Ireland Inc. can overcome the shift in corporation tax rate to 15%, the natural gas price rollercoaster adds to energy crisis concerns for the global economy and lots still to do for government to unlock forestry’s massive potential despite better licencing data in September. All these stories and more are covered in this week’s insights update from BlackBee.
The nervousness about the impact of global energy prices on the world economy simmered again last week. OPEC+’s decision not to increase supply levels again led to an instant hike in oil prices while European natural gas prices went on the rollercoaster of all rollercoasters….hitting over £4 per therm (10 times the price at the beginning of the year!) before settling down at approximately £2.60 as Russia hinted that state owned supplier Gazprom could expand supplies to Europe to help avert a full blown energy crisis.
The bubbling up in energy prices now clearly appears to be causing some disquiet among central banks. The minutes from the ECB’s September meeting showed some governing council members arguing that the impact of persistently rising energy prices was being underestimated and that a larger cut to its bond purchases should have been looked into. This followed on from a warning from the new chief economist at the Bank of England that high inflation rates in the UK could persist for longer than expected. All of this points to the direction of monetary policies around the world representing one of the key themes for investors as we move into 2022.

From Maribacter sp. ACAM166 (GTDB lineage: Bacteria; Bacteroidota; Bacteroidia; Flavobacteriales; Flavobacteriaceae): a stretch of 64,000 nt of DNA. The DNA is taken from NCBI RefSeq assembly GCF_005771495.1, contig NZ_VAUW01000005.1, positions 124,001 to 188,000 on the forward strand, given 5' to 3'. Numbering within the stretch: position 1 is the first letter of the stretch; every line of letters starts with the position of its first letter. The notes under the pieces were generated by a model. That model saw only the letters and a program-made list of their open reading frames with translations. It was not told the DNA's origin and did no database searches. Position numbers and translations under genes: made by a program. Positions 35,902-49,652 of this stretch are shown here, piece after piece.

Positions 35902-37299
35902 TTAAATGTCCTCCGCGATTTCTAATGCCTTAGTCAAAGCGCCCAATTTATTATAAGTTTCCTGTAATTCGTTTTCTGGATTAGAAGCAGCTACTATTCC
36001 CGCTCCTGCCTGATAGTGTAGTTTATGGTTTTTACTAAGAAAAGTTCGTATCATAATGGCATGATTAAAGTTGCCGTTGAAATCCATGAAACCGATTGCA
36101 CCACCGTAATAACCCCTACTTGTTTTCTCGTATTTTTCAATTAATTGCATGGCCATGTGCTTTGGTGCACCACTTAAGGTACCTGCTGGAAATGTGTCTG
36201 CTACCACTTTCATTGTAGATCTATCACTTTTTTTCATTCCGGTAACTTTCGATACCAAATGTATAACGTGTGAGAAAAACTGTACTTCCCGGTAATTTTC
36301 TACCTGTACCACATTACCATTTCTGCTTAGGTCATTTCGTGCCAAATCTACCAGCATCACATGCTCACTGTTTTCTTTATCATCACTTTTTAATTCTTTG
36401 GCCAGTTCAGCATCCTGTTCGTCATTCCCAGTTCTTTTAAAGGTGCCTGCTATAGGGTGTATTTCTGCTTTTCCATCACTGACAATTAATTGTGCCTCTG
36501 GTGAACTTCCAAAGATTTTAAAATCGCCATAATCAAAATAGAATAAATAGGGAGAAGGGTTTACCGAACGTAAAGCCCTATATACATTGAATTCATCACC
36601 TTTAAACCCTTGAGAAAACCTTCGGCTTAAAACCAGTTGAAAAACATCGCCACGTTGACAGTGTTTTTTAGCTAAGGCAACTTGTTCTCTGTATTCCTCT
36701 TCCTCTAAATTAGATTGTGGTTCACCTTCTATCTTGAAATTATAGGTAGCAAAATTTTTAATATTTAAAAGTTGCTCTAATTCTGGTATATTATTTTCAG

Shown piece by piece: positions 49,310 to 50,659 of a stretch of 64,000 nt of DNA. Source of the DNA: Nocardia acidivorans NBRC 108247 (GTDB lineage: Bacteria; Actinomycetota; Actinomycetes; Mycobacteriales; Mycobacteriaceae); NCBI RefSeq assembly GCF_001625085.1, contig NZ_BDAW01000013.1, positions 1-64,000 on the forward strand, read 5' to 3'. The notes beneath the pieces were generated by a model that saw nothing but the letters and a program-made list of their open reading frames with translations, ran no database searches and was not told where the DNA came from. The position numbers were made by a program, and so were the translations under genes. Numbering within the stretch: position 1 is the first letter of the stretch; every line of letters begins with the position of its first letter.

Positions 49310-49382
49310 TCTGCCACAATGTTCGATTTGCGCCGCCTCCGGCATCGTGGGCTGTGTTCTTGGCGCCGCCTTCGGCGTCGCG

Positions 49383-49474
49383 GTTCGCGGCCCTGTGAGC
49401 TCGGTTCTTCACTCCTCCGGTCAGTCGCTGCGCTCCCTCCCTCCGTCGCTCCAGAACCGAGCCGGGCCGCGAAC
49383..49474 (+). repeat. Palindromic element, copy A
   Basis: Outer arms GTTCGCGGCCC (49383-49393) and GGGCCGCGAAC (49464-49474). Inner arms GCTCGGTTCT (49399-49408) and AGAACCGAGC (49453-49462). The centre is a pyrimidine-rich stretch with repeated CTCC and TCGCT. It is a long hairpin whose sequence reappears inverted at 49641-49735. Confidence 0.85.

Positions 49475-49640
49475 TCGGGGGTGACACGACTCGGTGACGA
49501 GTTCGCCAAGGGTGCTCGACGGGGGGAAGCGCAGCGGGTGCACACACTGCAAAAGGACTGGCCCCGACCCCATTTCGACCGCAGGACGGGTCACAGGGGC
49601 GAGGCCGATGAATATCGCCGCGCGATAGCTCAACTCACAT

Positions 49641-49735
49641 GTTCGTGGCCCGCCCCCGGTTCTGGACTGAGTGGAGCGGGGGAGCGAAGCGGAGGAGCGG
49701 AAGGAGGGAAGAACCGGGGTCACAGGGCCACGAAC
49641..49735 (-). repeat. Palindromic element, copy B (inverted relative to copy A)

The other big news story from the world of economics last week was the corporation tax accord agreed across the majority of developed economies which established a minimum rate of 15%. From a foreign direct investment (FDI) standpoint the news that Ireland’s corporate tax rate will rise to 15% is disappointing insofar as it changes a longstanding pillar of Ireland’s efforts to attract inward investment. Will it change the FDI outlook for Ireland over the medium term? It’s difficult to be definitive on the issue at this point but the government remains committed to retaining an attractive corporate tax regime which will certainly resonate with multinationals. In addition, Ireland’s access to the largest economic bloc in the world, education levels and standing as the only English-speaking nation remaining in the EU are clear benefits. And as our chart of the week shows, even at 15% Ireland would retain one of the lowest statutory corporate tax rates in the OECD.